Advertiser Not Liable for Spam–Hypertouch v. Kennedy-Western University
By Eric Goldman
In this case, Hypertouch claims that emails promoting an online educational institution, Kennedy-Western University, violated a long list of CAN-SPAM provisions. The two principal issues in this case are: (1) does Hypertouch qualify as an “Internet access service” for purposes of having standing to privately enforce CAN-SPAM?, and (2) if Kennedy-Western didn’t initiate the emails, did Kennedy-Western have the requisite scienter to be liable for procuring the illegal email services?
Definition of Internet Access Service
The statute defines “Internet access service” as a service that enables users to access content or services over the Internet. There’s no question that Hypertouch runs email servers, but there is a factual dispute about exactly what Hypertouch does. Kennedy-Western alleges that Hypertouch has no customers; Hypertouch claims to have 120 email accounts, many of which is provides at no charge.
Still, Hypertouch’s allegation seems to leave open a key question: are any of these accounts used by third parties/non-employees? The distinction is critical because if all of Hypertouch’s email services are used by employees, then Hypertouch is similarly situated to every company that gives employees email accounts. Under that reading, then, virtually every employer can be a private plaintiff under CAN-SPAM.
The other reading–the one I think Congress meant–is that an IAS provides email or connectivity to third party non-employees. Thus, if a company is in the business of providing email services to the public (even if the number of customers is small, and even if the company provides email accounts for free), then it should have a private right of action under CAN-SPAM. If the company merely provides email accounts to employees, then I think Congress did not intend to create a private right of action under CAN-SPAM. Note that these employers may still have recourse under the CFAA, common law trespass to chattels, any surviving state anti-spam laws, and various state computer crime laws.
The court sidesteps this entire distinction, merely saying that CAN-SPAM’s private cause of action exists even if the IAS provides free email accounts and even if the IAS does not provide services other than email. All of this is true but, I think, misses the fundamental question.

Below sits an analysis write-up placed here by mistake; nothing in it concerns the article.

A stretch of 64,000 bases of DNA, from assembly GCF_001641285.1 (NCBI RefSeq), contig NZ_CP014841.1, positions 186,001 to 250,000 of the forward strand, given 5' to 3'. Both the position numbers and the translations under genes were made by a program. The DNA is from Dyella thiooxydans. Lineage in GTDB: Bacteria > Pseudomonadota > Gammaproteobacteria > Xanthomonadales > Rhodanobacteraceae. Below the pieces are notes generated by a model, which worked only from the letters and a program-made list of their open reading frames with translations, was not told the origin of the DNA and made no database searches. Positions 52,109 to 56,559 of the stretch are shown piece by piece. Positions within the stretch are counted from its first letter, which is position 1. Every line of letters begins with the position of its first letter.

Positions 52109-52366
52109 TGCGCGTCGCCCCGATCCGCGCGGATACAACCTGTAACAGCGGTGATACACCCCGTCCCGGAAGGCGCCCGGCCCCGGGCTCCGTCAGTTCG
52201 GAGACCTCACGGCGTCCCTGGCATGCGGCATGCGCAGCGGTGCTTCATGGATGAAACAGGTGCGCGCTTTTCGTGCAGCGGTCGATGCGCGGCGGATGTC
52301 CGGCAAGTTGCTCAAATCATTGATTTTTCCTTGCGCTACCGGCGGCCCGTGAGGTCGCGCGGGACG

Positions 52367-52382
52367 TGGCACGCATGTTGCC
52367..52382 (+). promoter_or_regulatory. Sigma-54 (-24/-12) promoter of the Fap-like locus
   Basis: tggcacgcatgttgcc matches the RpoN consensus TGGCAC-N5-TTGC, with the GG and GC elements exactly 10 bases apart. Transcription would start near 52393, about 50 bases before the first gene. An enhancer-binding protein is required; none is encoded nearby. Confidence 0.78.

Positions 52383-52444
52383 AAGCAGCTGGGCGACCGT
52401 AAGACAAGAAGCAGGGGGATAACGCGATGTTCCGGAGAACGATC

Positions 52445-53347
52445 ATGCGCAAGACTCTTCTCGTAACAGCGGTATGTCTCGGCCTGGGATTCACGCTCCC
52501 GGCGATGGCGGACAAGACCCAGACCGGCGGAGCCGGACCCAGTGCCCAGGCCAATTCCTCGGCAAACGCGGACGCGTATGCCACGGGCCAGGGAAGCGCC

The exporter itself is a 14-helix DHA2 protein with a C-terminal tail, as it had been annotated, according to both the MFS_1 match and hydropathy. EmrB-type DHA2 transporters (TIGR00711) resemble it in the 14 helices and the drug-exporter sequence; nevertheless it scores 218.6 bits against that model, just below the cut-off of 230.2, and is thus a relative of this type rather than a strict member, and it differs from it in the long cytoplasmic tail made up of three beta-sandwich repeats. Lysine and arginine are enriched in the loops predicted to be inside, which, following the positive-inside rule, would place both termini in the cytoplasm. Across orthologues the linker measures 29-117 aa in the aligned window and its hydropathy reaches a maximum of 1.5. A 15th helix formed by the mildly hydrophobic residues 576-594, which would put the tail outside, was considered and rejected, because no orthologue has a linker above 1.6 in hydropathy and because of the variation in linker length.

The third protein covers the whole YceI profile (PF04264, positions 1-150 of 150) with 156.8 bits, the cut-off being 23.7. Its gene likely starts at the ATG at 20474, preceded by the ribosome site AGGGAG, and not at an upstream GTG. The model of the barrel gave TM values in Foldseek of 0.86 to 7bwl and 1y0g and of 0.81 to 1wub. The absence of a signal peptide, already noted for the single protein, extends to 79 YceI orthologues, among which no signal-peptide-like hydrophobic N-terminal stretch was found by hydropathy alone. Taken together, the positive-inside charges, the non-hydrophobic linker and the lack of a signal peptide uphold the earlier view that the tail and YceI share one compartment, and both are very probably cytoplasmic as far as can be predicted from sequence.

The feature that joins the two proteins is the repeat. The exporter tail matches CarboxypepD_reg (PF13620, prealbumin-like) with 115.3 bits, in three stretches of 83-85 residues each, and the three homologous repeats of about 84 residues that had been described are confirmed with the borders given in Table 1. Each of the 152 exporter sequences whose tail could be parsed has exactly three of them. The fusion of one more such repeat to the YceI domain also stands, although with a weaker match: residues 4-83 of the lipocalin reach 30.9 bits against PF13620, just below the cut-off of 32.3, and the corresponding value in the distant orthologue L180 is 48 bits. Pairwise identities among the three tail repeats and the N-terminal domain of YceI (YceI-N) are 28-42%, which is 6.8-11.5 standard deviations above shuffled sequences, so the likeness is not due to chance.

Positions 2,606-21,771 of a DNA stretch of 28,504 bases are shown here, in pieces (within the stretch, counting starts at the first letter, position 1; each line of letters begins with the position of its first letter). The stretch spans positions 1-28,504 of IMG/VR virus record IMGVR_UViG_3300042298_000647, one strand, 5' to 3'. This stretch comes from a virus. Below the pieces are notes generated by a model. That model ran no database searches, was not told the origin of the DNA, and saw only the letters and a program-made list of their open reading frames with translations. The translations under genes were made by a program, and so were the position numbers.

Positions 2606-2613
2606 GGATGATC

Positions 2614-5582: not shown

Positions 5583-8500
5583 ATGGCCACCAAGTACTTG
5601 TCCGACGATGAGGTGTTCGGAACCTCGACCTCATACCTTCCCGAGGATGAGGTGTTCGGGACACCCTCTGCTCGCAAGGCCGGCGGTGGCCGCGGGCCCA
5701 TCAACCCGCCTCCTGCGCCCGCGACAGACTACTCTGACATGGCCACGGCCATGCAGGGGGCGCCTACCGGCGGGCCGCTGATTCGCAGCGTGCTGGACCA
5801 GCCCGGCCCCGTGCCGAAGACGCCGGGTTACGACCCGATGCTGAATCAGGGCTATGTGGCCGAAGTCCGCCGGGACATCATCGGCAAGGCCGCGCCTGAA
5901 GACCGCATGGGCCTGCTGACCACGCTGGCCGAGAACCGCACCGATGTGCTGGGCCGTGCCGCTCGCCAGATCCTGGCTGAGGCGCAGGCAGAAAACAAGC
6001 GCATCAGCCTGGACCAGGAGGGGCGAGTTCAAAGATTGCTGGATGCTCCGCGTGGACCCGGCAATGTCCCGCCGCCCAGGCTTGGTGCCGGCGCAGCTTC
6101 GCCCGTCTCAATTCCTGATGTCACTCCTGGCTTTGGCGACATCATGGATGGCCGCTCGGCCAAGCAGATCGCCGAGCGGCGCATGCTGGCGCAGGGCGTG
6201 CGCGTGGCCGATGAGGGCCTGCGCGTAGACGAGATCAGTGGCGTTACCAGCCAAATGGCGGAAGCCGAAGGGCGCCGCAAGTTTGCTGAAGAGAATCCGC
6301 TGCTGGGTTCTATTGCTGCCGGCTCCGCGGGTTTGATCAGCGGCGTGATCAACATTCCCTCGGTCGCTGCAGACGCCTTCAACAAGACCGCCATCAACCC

Did Kennedy-Western “Procure” the Illegal Emails?
The spams at issue were sent by a variety of email marketers. Kennedy-Western claims that it didn’t know these third parties were spamming. Instead, Kennedy-Western presented evidence that it had policies restricting spam and had monitored its marketing agents. On this basis, the court says that Kennedy-Western had sufficiently produced evidence that it lacked the requisite scienter.
Hypertouch could have adduced evidence to defeat the summary judgment motion, but the court says that Hypertouch didn’t introduce any concrete evidence of Kennedy-Western’s scienter. Instead, Hypertouch only made a conclusory allegation of knowledge, and this was further undercut by Hypertouch’s admission in a deposition that Hypertouch had no evidence of Kennedy-Western’s knowledge that spam was being sent on its behalf. Accordingly, Kennedy-Western wins summary judgment on knowledge, defeating the CAN-SPAM claim.
This case reaches an outcome consistent with Fenn v. Redmond Venture, a 2004 Utah state court case (under Utah’s state anti-spam law) where the defendant defeated the claim simply by showing that it had an anti-spam policy. In that case, the anti-spam policy was dispositive, while in this case the plaintiff might have been able to overcome the policy with sufficient evidence of knowledge from other sources. However, once again this shows the benefit to advertisers of having an anti-spam/anti-illegal-adware provision in their advertising contracts.
Also, this case is another datapoint in the running dialogue about when advertisers are liable for the acts of their media partners. In this respect, anti-spam laws generally (and CAN-SPAM in particular) are a little unusual because they statutorily enact advertiser liability provisions. In contrast, I’ve yet to find another medium where advertisers are clearly liable for the acts of their media vendors. Yet, with rulings like this and the Fenn case, defendants might be encouraged that courts will carefully evaluate advertiser liability even when there’s a statute creating such liability. From a defense standpoint, this is good news.
Brian McWilliams’ comments on the Hypertouch case.